I still have loans from my undergrad that I'll pay off sometime in the future and I was lucky enough that I didn't have to take on any extra debt in grad school so far.

It irked me that telkanuru said something about another person offering "shit advice" so I felt compelled to give some input. Calling someone else's opinion "shit" is rude and while juice seemed to get angry, I get it because telkuru does get under one's skin and not everyone can get 5 years + summers + tuition. So if someone has to take 4 years at a less prestigious place (like I did) - go for it. Otherwise you'll end up being an assistant manager at that grocery store that both of them worked at.

So, if you the choices are to go into a little debt and put off starting a family until you are in your early thirties before getting an academic job or start a family in your mid twenties and work the noon to close shift as a manager at the local grocery store five nights a week, I'll go with the path that gets me a job that doesn't make me hate life. I also will catch some flak for saying this but: you will get a job even if you don't go to an ivy. You might have to wait and definitely will have to go wherever the hell it is, if we love teaching and researching that's the path to take. 

Remember what Stranz Van Waldenburg once said: "Oh my God, I can't get a real job; it'll kill me!" I feel that way too.

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2 hours ago, DCguy said:

So, if you the choices are to go into a little debt and put off starting a family until you are in your early thirties before getting an academic job or start a family in your mid twenties and work the noon to close shift as a manager at the local grocery store five nights a week, I'll go with the path that gets me a job that doesn't make me hate life. I also will catch some flak for saying this but: you will get a job even if you don't go to an ivy. You might have to wait and definitely will have to go wherever the hell it is, if we love teaching and researching that's the path to take. 

This seems irresponsible to me, because it sounds like you're painting the worst-case-scenario as a TT job with "a little debt" (which I assume means different amounts to different people) to pay off down the road. Anybody who enters academia these days MUST be aware that TT jobs are the best-case-scenario, even if they're at Western State U in the middle of nowhere. The majority of PhDs who want to stay in academia are forced into the miserable and unstable world of adjunct-hood. @telkanuru is right to say that people should consider the long term implications of their opportunities when making decisions.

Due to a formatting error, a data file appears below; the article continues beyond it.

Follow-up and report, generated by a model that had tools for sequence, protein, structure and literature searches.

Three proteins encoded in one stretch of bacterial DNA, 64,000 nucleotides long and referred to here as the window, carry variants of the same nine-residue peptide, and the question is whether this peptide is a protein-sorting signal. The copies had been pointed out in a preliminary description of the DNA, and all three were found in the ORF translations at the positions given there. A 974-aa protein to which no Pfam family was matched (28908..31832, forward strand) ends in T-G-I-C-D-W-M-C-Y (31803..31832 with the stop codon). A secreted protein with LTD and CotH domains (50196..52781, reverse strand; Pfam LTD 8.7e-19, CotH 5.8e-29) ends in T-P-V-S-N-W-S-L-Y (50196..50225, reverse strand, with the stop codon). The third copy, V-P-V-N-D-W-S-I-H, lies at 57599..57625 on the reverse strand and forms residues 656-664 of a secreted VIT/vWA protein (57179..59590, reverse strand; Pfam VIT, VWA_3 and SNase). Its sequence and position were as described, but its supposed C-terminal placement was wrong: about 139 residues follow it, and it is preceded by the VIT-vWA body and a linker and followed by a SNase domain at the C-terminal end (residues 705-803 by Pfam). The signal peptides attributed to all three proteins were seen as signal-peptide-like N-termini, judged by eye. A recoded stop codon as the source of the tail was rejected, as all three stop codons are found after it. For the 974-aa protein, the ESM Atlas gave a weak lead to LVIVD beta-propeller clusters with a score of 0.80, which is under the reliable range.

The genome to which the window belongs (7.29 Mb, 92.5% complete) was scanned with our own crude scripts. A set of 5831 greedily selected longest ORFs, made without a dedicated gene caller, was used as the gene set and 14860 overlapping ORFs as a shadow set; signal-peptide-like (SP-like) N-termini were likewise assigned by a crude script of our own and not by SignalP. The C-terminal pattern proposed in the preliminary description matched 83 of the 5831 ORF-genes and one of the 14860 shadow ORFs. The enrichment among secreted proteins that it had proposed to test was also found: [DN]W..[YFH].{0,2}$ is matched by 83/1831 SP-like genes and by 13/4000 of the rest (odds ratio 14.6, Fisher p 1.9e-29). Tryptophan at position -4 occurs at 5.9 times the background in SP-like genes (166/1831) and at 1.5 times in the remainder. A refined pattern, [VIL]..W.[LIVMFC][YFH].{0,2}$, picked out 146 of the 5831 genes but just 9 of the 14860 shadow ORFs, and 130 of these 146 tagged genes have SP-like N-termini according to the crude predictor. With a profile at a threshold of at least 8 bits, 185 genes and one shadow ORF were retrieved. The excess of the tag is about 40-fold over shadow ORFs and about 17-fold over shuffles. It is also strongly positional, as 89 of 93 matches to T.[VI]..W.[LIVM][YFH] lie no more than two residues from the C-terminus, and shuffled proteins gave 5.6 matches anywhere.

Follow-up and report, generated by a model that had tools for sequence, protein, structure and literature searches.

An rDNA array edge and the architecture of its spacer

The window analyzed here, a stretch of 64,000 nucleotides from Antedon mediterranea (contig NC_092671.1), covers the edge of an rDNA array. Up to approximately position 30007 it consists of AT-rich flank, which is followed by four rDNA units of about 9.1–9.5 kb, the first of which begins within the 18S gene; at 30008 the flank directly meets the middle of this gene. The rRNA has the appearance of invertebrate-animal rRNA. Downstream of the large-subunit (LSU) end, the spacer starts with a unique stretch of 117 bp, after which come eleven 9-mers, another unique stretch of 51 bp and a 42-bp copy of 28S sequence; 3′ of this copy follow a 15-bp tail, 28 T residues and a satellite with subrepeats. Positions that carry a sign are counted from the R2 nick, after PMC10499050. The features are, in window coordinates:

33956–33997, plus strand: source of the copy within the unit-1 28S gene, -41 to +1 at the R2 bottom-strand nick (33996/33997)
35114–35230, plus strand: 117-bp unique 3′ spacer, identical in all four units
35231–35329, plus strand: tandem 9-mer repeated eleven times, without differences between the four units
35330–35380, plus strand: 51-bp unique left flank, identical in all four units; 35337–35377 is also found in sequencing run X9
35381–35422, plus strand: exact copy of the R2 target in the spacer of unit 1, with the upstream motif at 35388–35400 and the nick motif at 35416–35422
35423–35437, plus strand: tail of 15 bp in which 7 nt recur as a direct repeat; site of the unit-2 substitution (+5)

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2 hours ago, DCguy said:

I also will catch some flak for saying this but: you will get a job even if you don't go to an ivy. You might have to wait and definitely will have to go wherever the hell it is, if we love teaching and researching that's the path to take. 

Somebody tell Slate

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1 hour ago, Calgacus said:

This seems irresponsible to me, because it sounds like you're painting the worst-case-scenario as a TT job with "a little debt" (which I assume means different amounts to different people) to pay off down the road. Anybody who enters academia these days MUST be aware that TT jobs are the best-case-scenario, even if they're at Western State U in the middle of nowhere. The majority of PhDs who want to stay in academia are forced into the miserable and unstable world of adjunct-hood.

Yes a "little debt" means different things: the price of a car or house maybe - it's all a little debt though, isn't it? I should've been clearer I guess. Not everyone is going to get a tenure track. I expect someday that most of us here will end up with tenure at Western State U because we're dedicated enough (we came to the grad cafe after all) to keep searching until we find it. Circumstances will dictate how many of us are stuck as adjuncts forever, of course. I'm more optimistic and my challenge to anyone who doesn't like my optimism: why are you doing it if you are so sure that you won't get a tenure track job? Based on the negative advice and outlook that a lot of people on this forum have, why are you even bothering?